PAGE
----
Sparre v. United States Department of Labor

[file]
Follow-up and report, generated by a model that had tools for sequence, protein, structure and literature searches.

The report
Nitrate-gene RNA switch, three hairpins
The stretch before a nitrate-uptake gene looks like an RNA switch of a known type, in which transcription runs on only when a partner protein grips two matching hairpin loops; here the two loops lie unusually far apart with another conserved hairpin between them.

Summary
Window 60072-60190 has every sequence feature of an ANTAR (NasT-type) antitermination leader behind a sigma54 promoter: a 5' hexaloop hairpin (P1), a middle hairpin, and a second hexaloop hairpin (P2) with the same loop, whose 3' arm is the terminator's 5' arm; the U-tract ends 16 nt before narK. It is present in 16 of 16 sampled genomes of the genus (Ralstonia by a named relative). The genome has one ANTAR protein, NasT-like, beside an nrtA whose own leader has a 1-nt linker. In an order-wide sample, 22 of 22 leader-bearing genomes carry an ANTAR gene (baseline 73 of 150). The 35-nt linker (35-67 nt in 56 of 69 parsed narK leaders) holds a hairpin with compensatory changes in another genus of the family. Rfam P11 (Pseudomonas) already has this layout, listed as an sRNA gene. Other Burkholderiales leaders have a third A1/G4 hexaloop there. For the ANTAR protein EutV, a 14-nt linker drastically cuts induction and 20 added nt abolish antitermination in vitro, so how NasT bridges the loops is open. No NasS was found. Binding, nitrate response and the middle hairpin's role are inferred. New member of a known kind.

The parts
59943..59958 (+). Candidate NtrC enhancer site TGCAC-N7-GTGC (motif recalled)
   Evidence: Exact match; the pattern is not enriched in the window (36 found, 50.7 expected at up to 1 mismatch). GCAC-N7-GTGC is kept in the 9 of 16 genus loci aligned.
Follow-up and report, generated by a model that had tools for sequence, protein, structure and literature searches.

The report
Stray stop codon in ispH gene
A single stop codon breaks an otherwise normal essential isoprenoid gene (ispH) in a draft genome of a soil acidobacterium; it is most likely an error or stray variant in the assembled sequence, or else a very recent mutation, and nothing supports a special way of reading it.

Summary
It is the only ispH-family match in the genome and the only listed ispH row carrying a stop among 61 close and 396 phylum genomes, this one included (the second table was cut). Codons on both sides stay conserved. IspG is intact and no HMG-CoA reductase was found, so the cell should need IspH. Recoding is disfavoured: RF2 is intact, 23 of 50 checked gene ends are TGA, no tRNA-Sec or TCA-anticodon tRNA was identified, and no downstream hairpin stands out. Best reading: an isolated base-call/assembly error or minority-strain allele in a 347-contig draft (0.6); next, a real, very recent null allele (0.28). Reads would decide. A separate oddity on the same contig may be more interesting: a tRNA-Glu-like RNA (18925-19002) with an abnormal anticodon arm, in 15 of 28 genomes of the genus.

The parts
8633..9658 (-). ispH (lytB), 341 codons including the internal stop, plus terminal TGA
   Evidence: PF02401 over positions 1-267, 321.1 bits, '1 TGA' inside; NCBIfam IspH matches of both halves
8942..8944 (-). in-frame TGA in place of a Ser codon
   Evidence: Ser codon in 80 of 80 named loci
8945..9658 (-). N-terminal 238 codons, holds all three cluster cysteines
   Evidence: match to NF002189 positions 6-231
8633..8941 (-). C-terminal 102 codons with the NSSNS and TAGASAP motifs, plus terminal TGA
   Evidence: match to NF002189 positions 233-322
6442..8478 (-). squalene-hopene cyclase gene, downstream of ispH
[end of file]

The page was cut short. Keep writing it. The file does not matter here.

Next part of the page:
Sparre began working as a Norfolk locomotive engineer in 1999. In 2010, he reported a safety violation to the Federal Railroad Administration, which resulted in the assessment of an $8,000 civil penalty against Norfolk. In 2014, Norfolk terminated Sparre for excessively exceeding the speed limit while operating a locomotive. Sparre complained to the Occupational Safety and Health Administration, alleging Norfolk fired him in retaliation for reporting the safety concern in 2010, which would violate the Federal Railroad Safety Act, 49 U.S.C. 20109. OSHA dismissed Sparre’s complaint as without merit. Sparre requested a hearing before an administrative law judge. The parties engaged in years‐long, extensive discovery. In November 2017, the ALJ found there were no genuine issues of fact and granted Norfolk a summary decision. The decision, with instructions to petition for review, including the 14‐day timeline, was mailed to Sparre and his attorneys that same day. Thirty days later, Sparre appealed to the Board and filed a petition for judicial review. The Seventh Circuit remanded to the Board, which found that Sparre’s petition was untimely and he was not entitled to equitable tolling. Sparre filed a second appeal. The Seventh Circuit rejected the appeal for lack of jurisdiction. Sparre failed to timely exhaust his administrative remedies before appealing. View "Sparre v. United States Department of Labor" on Justia Law